Digital finance players turn to profitability

After the 2018 and 2020 editions, the ACPR is once again publishing its study on digital finance players. The two previous editions already showed the difficulties that FinTechs have in finding a viable business model. This edition marks a turning point both in terms of the number of players who have passed the threshold of profitability, but also in terms of the deterioration of the business model in a complicated economic context.


  • In this new edition, which follows more or less the same players as before (about fifteen in number), the ACPR wanted to delve into three particular points:
    • the evolution of the profitability of these players
    • the impact of the pandemic
    • and monitoring the partnership strategies of these actors
  • The study still points out the dependence of these digital finance players on traditional banking players, whether it is a capital, partnership or commercial dependence. Whether or not they belong to a bank, FinTechs have to deal with these essential players, which are necessary for their development.
  • It also notes, in line with previous editions, the growing success of their offerings and the strong growth in their customer base. For example, the panel of players surveyed in 2018 represented 8 million customers; the 2020 panel represents 16 million. And 35% of the new current accounts opened in 2020 were opened in one of the institutions surveyed by the ACPR.
  • The two main models of players that stand out are now the generalists on one side and the specialized players on the other.


  • A shift towards profitability, which only highlights the disparities between players and strategies: Since the previous edition, 5 players have passed the threshold of profitability and 3 are on the way to it. In terms of player profiles, all of the independent fintechs on the panel (not belonging to a banking group) are profitable or in the process of becoming so, namely Lydia, Manager One, Younited, N26, Qonto and Revolut.
  • But at the same time, the ACPR notes that the average NBI per client has continued to decline since the first study was conducted. This evolution is also related to the evolution of the clientele of digital finance players, towards more young people and less executives. On the question of profitability, there are major disparities between generalist players, who seem to have a much harder time finding financial equilibrium, and specialized players, who seek to address customer segments or products that are considered more profitable.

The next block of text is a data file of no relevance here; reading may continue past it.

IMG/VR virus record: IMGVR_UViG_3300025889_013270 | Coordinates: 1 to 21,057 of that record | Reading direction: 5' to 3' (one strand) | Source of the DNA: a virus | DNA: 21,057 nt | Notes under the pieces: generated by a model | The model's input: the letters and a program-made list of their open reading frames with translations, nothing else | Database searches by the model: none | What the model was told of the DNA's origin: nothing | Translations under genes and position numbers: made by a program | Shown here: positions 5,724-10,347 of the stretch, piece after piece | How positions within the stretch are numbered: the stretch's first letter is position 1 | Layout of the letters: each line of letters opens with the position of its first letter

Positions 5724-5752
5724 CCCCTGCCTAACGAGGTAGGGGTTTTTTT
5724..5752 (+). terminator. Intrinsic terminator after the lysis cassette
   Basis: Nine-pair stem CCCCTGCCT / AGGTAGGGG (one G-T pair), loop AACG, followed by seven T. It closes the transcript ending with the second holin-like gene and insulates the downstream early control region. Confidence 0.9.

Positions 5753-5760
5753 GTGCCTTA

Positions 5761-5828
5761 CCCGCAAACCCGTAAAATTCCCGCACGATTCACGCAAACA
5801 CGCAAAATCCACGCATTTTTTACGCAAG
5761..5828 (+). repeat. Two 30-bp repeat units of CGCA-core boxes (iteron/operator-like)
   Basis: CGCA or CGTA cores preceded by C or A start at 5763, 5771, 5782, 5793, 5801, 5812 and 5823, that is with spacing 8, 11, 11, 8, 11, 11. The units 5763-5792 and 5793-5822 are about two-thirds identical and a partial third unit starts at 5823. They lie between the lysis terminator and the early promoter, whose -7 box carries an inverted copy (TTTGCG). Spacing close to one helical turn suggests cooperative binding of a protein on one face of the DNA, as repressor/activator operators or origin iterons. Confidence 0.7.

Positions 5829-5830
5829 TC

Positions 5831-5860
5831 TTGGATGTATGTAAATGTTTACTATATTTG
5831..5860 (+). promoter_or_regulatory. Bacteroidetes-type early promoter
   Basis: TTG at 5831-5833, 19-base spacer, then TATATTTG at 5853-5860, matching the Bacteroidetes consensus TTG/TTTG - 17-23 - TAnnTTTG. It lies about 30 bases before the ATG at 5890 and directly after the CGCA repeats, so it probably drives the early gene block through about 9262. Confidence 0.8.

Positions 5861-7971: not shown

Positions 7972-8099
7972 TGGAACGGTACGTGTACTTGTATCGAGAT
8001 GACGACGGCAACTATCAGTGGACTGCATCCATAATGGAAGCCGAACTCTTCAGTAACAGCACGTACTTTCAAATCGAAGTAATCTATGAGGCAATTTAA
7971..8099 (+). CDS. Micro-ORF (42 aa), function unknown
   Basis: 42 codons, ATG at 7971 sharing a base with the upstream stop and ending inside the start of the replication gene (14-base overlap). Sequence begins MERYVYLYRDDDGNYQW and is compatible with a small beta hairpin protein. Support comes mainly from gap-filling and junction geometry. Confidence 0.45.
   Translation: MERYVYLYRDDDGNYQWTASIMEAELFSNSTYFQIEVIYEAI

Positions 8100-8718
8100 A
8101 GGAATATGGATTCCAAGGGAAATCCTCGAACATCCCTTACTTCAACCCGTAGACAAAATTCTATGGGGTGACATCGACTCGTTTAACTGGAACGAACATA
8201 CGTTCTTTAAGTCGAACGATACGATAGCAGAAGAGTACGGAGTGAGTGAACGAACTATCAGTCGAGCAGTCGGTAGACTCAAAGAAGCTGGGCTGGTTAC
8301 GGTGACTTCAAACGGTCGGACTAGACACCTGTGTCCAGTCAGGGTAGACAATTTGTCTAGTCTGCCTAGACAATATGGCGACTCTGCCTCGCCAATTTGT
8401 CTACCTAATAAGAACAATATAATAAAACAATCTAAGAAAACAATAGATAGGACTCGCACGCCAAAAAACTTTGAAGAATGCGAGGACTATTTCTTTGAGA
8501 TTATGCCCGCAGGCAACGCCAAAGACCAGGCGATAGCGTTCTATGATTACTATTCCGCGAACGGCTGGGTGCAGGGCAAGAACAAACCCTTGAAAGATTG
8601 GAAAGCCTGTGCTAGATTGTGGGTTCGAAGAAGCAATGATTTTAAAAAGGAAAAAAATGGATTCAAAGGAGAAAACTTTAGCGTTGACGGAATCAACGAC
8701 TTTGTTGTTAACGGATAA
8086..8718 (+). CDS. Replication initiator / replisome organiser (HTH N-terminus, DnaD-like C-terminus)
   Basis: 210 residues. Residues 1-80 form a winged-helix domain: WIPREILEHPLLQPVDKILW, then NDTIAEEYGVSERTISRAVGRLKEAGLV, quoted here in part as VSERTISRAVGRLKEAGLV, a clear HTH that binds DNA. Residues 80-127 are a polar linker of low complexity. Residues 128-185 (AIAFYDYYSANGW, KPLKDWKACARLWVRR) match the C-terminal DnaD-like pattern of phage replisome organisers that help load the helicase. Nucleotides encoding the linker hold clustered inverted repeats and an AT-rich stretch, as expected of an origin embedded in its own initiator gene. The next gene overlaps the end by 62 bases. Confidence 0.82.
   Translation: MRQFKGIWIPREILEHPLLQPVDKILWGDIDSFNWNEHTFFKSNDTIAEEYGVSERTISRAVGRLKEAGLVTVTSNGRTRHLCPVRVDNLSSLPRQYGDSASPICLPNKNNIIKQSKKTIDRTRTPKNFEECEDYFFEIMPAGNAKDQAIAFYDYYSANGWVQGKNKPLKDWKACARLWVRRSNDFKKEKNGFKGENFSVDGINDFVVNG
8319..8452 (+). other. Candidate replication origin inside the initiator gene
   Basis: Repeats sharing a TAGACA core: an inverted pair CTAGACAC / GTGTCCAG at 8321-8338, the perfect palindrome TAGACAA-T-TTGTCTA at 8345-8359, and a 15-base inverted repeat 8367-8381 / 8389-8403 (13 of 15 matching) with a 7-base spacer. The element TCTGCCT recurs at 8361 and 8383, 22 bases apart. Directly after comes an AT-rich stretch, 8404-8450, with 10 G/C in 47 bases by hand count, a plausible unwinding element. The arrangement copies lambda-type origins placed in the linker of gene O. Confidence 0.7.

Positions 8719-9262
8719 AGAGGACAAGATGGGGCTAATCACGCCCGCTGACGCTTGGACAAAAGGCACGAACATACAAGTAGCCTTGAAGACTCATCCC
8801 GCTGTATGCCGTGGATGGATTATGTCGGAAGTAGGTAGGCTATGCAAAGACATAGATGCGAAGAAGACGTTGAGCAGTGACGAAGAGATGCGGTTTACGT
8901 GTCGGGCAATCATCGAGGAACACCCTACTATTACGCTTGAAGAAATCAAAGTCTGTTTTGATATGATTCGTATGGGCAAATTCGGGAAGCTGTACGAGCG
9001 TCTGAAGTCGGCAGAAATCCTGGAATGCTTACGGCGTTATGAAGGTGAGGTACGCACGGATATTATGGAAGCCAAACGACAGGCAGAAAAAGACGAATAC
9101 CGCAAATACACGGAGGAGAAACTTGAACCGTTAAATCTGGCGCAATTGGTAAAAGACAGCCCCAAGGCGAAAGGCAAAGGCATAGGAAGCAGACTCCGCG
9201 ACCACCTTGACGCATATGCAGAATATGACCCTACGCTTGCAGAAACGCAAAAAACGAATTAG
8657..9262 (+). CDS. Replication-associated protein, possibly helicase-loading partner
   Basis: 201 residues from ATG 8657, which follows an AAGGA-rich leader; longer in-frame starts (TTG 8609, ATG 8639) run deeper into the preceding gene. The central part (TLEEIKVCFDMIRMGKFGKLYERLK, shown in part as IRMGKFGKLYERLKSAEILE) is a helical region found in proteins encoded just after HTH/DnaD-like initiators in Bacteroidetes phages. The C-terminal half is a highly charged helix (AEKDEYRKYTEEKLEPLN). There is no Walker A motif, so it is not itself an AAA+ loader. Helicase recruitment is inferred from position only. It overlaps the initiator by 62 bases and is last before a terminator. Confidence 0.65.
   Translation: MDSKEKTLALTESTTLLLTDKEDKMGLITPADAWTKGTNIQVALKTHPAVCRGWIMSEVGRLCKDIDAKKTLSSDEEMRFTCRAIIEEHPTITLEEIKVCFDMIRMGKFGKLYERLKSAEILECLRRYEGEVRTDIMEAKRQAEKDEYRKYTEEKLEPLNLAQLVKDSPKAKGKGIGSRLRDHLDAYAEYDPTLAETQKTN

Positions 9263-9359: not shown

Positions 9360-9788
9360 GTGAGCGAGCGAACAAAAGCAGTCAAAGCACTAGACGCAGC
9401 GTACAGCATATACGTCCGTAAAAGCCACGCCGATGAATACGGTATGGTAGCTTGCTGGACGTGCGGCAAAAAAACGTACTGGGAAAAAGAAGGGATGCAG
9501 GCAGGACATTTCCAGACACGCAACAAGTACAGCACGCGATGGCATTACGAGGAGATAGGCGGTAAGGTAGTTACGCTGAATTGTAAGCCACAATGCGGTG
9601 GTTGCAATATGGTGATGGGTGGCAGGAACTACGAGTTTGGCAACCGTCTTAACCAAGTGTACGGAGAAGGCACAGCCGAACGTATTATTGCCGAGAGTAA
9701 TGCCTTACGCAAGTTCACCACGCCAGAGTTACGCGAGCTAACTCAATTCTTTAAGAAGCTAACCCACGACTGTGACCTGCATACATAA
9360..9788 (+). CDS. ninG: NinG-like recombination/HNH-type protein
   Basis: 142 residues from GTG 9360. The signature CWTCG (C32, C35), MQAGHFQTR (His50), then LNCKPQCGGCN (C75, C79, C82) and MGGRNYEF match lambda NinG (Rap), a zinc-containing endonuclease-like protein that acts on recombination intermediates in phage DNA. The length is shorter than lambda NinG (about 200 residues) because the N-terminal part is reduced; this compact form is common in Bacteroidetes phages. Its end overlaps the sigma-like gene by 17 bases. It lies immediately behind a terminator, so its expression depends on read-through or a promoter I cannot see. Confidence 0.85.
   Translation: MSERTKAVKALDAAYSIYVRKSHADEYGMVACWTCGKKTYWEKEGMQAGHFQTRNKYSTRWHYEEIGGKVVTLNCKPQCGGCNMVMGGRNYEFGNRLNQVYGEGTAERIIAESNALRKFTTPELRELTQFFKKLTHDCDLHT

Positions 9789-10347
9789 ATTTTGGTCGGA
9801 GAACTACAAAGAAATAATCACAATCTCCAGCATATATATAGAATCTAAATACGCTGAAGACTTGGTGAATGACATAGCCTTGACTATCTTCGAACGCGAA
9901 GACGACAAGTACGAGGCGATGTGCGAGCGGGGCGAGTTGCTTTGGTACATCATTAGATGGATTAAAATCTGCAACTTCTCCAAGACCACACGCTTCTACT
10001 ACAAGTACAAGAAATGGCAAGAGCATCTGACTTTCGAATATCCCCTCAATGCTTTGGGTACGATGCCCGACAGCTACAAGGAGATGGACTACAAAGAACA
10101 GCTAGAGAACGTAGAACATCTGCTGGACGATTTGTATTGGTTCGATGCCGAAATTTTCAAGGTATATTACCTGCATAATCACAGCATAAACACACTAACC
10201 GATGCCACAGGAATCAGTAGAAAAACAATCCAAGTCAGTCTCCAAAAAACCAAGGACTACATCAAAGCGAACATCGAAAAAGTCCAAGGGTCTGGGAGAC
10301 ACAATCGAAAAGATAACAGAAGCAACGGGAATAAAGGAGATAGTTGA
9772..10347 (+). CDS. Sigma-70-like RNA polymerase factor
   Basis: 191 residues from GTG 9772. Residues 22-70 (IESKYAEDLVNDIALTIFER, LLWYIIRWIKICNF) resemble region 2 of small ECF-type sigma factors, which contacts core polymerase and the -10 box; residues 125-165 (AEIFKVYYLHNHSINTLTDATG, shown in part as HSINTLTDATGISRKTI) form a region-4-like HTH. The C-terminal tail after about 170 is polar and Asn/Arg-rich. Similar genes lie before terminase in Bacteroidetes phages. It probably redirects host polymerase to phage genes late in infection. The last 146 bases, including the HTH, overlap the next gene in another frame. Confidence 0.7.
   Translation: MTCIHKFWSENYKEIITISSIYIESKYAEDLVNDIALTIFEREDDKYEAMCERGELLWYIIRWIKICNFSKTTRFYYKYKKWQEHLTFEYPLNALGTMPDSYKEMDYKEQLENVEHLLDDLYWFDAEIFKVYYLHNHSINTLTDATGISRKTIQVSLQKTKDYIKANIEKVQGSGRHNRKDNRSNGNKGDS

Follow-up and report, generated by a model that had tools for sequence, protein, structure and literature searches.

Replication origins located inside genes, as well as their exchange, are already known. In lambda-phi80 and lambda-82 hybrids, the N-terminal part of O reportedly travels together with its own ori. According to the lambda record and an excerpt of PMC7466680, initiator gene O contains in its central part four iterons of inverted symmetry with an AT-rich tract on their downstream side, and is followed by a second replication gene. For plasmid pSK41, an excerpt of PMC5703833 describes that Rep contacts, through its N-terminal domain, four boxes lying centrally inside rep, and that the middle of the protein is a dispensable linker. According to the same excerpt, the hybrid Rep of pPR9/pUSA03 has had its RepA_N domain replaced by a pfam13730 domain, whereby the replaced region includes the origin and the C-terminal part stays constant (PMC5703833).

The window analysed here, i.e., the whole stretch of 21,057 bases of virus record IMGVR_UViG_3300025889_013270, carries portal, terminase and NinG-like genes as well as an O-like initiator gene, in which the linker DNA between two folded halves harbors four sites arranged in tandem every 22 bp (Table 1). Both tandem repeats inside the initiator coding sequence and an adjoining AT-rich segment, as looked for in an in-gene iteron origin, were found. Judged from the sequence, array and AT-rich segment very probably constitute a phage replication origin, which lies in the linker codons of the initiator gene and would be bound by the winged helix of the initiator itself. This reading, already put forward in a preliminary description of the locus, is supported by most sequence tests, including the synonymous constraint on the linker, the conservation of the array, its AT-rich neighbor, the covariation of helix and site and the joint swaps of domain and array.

• In this context, the common strategy of the players is to diversify their offer, to charge more for their services and to move towards the most profitable products.
  • A search for profitability that drives the evolution of the offer: in this edition, the ACPR noted the strong growth of corporate services, which are considered much more profitable than the retail market. In particular, white-label payment and credit solutions have developed most rapidly, with strong demand for fractional or deferred payments.


  • The ACPR study shows that the pandemic did not have a negative impact on digital financial services players, whose activity was, on the contrary, driven by the digitalization of uses. With the exception of a few players who ceased their activity, the majority of players were able to appreciate the resilience of their model.
  • In the interest rate environment, on the other hand, the situation is more uneven and the barrier to entry into the credit market is considered very high by fintechs.
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